Colonel (Ret.) Paul. F. Pasquina, M.D. is the Professor and Chair of the Department of Rehabilitation Medicine and Director of the Center for Rehabilitation Sciences Research (CRSR) at the Uniformed Services University of the Health Sciences (USUHS). He is also the Chief of the Department of Rehabilitation at Walter Reed National Military Medical Center (WRNMMC). He is a graduate of the United States Military Academy at West Point and USUHS, completed his residency at Walter Reed Army Medical Center and completed a fellowship in primary care sports medicine at Georgetown/USUHS. His board certifications include PM&R, Electrodiagnostic Medicine, and Pain Medicine. His current research efforts are focused on exploring new technologies to enhance the recovery, rehabilitation, and reintegration of combat casualties, primarily through his work as the Director of the Center for Rehabilitation Sciences Research (www.CRSR.org).
The CARE Consortium existing organizational structure will be utilized to lead the CARE 2.0 studies.
Administrative and Operations Core (AOC): The AOC serves as the centralized coordination center for the Longitudinal Clinical Study and Advanced Research Cores (CSC) and Advanced Research Core (ARC), and Consortium members. The AOC also provides regu;atory and financial oversight for the Consortium, as well as supports the CARE regulatory and financial oversight for the Consortium, as well as supports the CARE Biostatistics and Data Management Team (BDMT), CARE Biospecimens Team, and CARE Bioinformatics Team.
Longitudinal Clinical Study Core (CSC): The CSC has implemented a multi-year, multi-site, prospective, longitudinal investigation of concussive and repetitive head impacts in NCAA student-athletes to develop and implement a multi-year, multi-site, prospective, clinical longitudinal research protocol whose aim is to study the natural history of concussion. The CSC serves as the foundation upon which additional advanced research projects are built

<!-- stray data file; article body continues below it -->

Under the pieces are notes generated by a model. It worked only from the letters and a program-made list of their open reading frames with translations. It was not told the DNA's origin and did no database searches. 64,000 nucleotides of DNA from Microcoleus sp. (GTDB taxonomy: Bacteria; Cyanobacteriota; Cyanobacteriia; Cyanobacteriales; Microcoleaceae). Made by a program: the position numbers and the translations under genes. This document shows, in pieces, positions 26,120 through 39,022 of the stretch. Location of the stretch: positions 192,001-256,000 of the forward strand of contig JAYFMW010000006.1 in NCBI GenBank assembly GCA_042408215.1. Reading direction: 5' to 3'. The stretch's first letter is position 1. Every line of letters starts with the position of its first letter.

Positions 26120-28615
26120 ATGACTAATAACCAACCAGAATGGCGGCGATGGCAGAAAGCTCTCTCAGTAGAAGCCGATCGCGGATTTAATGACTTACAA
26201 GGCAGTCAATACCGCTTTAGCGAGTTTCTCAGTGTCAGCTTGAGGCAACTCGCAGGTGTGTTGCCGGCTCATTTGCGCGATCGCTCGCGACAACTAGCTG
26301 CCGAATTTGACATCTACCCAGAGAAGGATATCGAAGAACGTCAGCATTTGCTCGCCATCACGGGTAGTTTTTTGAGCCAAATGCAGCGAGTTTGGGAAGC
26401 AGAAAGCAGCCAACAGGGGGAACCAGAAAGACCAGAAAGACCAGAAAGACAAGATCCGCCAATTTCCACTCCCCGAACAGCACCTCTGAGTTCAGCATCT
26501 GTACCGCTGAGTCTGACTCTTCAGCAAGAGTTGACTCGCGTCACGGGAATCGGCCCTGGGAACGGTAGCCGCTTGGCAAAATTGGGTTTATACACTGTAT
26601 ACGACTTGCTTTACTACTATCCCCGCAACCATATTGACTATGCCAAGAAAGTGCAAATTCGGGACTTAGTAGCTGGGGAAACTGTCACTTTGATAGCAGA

Advanced Research Core (ARC): The ARC leveraged existing collaborative research networks (e.g., NIH TRACK-TBI, DoD Project Head to Head, NFL-GE Head Health Challenge) to conduct advanced research projects that include, but are not limited to, impact sensor technologies, advanced neuroimaging, biological markers and comprehensive clinical studies to inform the neurobiopsychosocial understanding ofconcussion. The ARC builds upon the CSC, thereby allowing for advanced research projects with the same foundational baseline and post-concussive clinical data.
An important leadership Team is added for CARE 2.0 and it focuses on the Military Services Academies (MSAs). The Uniformed Services University of the Health Sciences (USUHS).
CARE Consortium Standing Committees
Consortium work is supported by several committees, which are comprised of Consortium members, as well as content-specific experts external to the Consortium. The Administrative Operations Core (AOC) will provide support for committee functions. The standing committees are described below:
Executive Committee (EC)
Representatives from the DOD, NCAA and NIH
Oversees the Operating Committee and Consortium activities
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Publication Committee (PC)
Representatives from Consortium investigators with demonstrated expertise in science
Operating Committee (OC)
Representatives from Consortium investigators with demonstrated expertise in science and clinical management of sports-related concussion
Scientific Advisory Board (SAB)
Representatives from the field of SRC research with demonstrated scientific expertise
Provides consultation regarding, and independent review of, the